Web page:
Southern Fried Cabbage

Hi there! Thank you for stopping by to check out this easy version of fried cabbage. Fried cabbage is a southern staple–prepared all year long. With the holidays approaching, I wanted to give you one more recipe to add to your feast!

The great thing about fried cabbage is that you can make it as southern as you want or…not. This recipe can be made vegan with all of the same flavor. If you are preparing this dish for a larger party, double the ingredients.

RECIPE

  • 1 smoked turkey, beef or pork sausage link or 1 pack of bacon (all if you desire)
  • 1 head of cabbage
  • 1 yellow onion
  • 1 red bell pepper
  • 4 garlic cloves
  • 1 tablespoon of Texas Pete Hot sauce or Tabasco sauce (adjust hot sauce to taste)
  • 2 teaspoons of FRESH parsley for garnish.
  • Salt and Pepper to taste
  • 1/2 teaspoon of brown sugar
  • 1 teaspoon of smoked paprika
  • 3 tablespoons of olive oil
  • 3-4 tablespoons of liquid smoke (vegan option)
  • 1-2 tablespoons of poultry seasoning (vegan option)
  • 1 teaspoon of Apple Cider Vinegar (optional)

Heat a large pot over medium-high heat and fry your bacon or sausage. When meat is cooked, remove from pan, leaving the grease behind. Chop your meat into bite sized pieces and set aside for later.

Add your chopped garlic, chopped onion and chopped bell pepper to the pot until onions cook down. Add your cabbage and stir in well. It is important you do not cover the cabbage with a lid. This will cause the cabbage to steam, not fry. When cabbage has cooked down to almost desired texture, return your meat to the pot. Continue to stir-fry cabbage for about 2-3 additional minutes. I like my cabbage cooked with a little crunch, not wilted completely.

Add your Tabasco or Hot sauce, smoked paprika and salt & pepper. When desired taste is reached, remove from pot and garnish with fresh parsley.

VEGAN OPTION

Follow the steps above, but do not use meat. Instead of bacon or sausage grease, use your favorite oil. When you begin to season your cabbage, add the liquid smoke and poultry seasoning.

Rating: 5 out of 5.

Summer Blueberry Salad

First and foremost, thank you for checking out this quick and easy recipe! I’m just going to get to the point. I bought a salad bowl, and it triggered the desire for me to make more salads…and here we are.

So, I tried this super easy summer salad. It is a quick and easy meal you can easily dress up and make your own. This salad is also packed with nutrients and antioxidants.

RECIPE

Romaine Lettuce

Arugula

Spinach

Blueberries

Red Onion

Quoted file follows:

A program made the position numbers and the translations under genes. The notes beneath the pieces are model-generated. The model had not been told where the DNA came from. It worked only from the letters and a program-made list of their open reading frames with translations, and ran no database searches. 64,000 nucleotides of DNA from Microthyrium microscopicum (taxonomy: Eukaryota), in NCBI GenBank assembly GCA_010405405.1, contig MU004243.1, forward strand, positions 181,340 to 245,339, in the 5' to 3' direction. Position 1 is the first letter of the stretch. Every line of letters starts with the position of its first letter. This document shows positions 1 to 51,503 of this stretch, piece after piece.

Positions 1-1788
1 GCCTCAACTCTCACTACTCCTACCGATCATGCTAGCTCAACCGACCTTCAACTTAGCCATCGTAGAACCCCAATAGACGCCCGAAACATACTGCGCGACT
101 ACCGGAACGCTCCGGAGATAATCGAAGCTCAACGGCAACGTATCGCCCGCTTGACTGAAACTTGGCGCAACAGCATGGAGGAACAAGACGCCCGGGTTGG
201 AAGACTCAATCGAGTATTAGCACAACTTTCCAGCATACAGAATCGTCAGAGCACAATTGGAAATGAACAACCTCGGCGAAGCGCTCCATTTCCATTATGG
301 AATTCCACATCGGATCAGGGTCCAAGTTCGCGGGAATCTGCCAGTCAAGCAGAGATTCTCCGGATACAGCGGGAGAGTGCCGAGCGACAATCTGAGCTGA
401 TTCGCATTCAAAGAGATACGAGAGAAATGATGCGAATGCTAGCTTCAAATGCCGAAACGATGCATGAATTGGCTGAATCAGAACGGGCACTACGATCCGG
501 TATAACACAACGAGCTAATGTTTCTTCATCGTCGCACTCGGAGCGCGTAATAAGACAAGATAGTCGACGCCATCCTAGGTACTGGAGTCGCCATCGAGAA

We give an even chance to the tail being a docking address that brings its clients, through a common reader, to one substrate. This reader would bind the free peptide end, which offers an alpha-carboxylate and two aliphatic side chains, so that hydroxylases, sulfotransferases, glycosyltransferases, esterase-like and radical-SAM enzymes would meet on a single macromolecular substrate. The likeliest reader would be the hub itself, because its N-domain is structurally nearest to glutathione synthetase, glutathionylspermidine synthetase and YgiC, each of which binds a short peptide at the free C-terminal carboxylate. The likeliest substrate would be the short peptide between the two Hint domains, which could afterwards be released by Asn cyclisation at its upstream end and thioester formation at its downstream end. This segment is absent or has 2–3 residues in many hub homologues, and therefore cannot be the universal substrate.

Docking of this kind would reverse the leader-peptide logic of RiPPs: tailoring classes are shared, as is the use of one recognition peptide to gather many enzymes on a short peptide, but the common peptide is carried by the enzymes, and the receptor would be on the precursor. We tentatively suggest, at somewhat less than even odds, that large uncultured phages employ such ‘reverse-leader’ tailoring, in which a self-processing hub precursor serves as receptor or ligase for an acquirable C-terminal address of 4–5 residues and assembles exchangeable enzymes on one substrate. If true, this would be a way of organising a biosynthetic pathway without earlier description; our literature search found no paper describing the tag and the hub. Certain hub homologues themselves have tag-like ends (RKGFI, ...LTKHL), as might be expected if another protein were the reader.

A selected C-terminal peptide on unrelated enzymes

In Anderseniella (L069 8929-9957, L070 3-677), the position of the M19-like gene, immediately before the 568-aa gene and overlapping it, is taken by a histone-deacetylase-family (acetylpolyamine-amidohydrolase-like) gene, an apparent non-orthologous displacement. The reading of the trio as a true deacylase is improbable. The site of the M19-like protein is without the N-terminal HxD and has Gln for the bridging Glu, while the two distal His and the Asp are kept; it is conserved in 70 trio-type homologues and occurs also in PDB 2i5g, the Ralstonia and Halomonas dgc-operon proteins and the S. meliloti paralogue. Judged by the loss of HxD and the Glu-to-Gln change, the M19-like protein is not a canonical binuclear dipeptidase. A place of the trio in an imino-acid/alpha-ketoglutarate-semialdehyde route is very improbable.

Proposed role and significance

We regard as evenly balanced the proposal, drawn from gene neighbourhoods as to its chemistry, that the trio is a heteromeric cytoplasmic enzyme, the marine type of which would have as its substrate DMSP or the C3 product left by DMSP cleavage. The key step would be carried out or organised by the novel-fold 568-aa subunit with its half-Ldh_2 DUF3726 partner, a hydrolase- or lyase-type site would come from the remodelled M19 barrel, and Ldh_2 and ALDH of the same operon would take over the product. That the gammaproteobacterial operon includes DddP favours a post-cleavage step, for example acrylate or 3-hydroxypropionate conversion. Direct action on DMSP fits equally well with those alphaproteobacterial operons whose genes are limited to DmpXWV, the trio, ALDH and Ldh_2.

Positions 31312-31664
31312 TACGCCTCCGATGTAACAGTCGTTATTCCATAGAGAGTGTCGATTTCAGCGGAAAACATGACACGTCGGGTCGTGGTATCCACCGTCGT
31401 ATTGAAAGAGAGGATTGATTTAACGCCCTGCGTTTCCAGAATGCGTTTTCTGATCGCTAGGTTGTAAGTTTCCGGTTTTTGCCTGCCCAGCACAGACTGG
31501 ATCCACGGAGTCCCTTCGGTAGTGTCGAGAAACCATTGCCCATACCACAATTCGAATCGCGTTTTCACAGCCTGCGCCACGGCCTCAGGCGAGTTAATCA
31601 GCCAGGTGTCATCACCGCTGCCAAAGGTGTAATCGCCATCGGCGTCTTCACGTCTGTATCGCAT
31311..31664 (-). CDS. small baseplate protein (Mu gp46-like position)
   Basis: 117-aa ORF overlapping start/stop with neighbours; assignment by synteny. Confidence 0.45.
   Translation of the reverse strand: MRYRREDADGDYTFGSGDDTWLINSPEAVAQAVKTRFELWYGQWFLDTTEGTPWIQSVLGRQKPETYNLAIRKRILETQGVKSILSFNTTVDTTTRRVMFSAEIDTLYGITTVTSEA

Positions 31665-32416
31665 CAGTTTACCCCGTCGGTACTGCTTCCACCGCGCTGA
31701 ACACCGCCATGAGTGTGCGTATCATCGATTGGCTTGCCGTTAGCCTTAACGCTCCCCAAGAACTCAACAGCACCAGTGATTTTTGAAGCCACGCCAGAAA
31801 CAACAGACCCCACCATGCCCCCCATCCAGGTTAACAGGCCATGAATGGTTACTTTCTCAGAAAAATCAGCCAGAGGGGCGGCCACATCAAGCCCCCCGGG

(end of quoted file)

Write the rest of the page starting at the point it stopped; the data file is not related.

Heirloom Tomatoes

Chicken, Shrimp, or Steak (Optional)

Eggs (optional)

Salt & Pepper

Olive oil (optional)

Shredded Cheese (Mozzarella or Feta)

Cut up the lettuce to your desired size. Wash and mix lettuce, spinach and Arugula. Slice the onion and tomatoes and add to the greens. Rinse blueberries and add to the greens. *I love blueberries so I go a little overboard sometimes.

Garnish with salt and pepper and a drizzle of olive oil (optional). If you like some sort of protein in your salad, feel free to add eggs, grilled shrimp, chicken or steak. Complement this salad with fresh blueberry or raspberry vinaigrette if desired.

Health Benefits

Heirloom Tomatoes

Heirloom tomatoes are packed with nutrients that our bodies crave. Just remember, tomatoes are…fruit…yes, fruit, which means they contribute to your overall well-being. Tomatoes are a major source of the antioxidant lycopene, which has been linked to many health benefits, including reduced risk of heart disease and cancer. Heirloom tomatoes are also an excellent source of vitamin C, potassium, folate, and vitamin K. Not only are tomatoes good for you, but they always add a little color to any salad.

Arugula


Personally, I think arugula is not the tastiest leafy green–with an odd taste and peppery bite, but I can tolerate it every now then because it is super healthy. Arugula is full of antioxidants and full of calcium, potassium, vitamin C, K, A, and folate. Arugula is considered a Superfood which means it is a ” nutrient-rich food considered to be especially beneficial for health and well-being”.

Blueberries

Ahh, yes, the humble blueberry. I think blueberries are underrated and taken for-granted. Blueberries are the King of antioxidant foods. Blueberries reduce DNA damage that can help protect against cancer and aging. Blueberries may help lower blood pressure and decrease chances of heart disease.